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How Does the College Admissions Process Work?

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You’re reading this post because it is likely that a year from now, you will be getting ready to attend a college to pursue a major you’re excited about.

At this point, you’re on an information highway that all seems confusing and blurry because of the number of things you have to think about in order to attend college next year.

PSATs, SATs, letters of recommendation, choosing a major, and visiting college campuses are most likely piling up on your agenda — or will be soon.

And hopefully, a year from now, you would have landed that coveted spot at the university of your choice.

But how exactly does the college admissions process work? How do you get from here to there?

While it works differently at different colleges, there are common themes that run through the college admissions process and the goal with this post is to show you what you can expect as you go through the process.

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Considering Your Choices

Choosing a college to attend and all that implies is no mean feat.

I mean, depending on who you are, deciding on what to eat for breakfast can be a challenging decision, let alone making a decision that could affect the rest of your life.

Thus, after successfully getting through the SAT or ACT, choosing the right college to attend is an important decision you should carefully consider.

Factors students (and parents) tend to consider include:

  • The cost
  • The program you’re choosing to pursue
  • Proximity (or lack thereof) to home
  • Prestige and what that could mean for the future
  • Friends and family who have attended the school
  • The reputation of the school based on the accounts of others
  • If you’re an international student studying in the US and what that means for you

Those are just a few of the things you would want to consider as you select a college to attend.

Let’s explore how a few of these could affect your decision.

Cost

With student loan debt at an all-time high, cost is a big concern on people’s minds when it comes to a college education.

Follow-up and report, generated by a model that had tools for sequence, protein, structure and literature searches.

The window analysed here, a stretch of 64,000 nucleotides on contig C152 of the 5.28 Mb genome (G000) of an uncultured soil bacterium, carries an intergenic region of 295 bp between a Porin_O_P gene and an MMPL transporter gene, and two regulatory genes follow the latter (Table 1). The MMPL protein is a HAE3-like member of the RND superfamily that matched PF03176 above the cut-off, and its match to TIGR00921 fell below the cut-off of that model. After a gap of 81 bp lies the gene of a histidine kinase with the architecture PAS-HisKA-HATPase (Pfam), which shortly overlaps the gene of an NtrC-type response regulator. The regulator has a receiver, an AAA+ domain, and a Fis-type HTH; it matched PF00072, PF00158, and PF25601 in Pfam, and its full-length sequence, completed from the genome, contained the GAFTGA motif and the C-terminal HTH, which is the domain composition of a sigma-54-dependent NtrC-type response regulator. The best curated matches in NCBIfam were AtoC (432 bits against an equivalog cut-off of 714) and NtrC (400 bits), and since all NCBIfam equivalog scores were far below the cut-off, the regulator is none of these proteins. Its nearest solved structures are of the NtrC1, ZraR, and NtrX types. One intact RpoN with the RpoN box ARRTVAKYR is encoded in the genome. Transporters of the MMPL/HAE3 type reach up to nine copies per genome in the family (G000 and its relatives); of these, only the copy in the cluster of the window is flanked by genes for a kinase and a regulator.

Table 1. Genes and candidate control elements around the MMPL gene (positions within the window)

There are even arguments out there as to whether a college education is worth it anymore.

Here are a few ideas to consider when it comes to the cost of college education:

  • An expensive university does not necessarily mean you will have to foot the bill out of pocket. There are colleges that are pricey but which also have huge endowments that provide need-based scholarships to students who are admitted and need that help to pay tuition. Instead of eliminating a university on cost alone, find out if such scholarships exist and what it takes to get them.
  • Attending a community college for the first two years and then following that up with the last two years at a four-year university is another tactic students and parents are taking these days to reduce cost. You can factor this into your decision-making as well.
  • In-state tuition has historically always been much lower than out-of-state tuition.
  • Apart from tuition, other big factors to consider are books, living expenses (like housing), food, and transportation.

It’s also really important to make sure you’re getting a return on investment (ROI) on your college education. Here’s how to determine if college is even worth it for what you want to do.

Major

The program you pursue has everything to do with how your admissions experience will go.

Certain schools are well known for certain majors.

If you decide to go to a school like that and enter a program they are known for, chances are that you will be required to take an entrance exam. It is common for students who are entering nursing school for instance to take an extra entrance exam beyond the SAT or ACT.

If you plan on going into such a major, you would need to study extra material in order to take the exam.

Certain majors and/or schools require you to have letters of recommendation in order to be admitted.

If this is the case, you would typically have to get two or three people to write and submit these letters on your behalf.

From experience, getting letters of recommendation from the people you would like to do this for you can become a pain if you don’t plan well.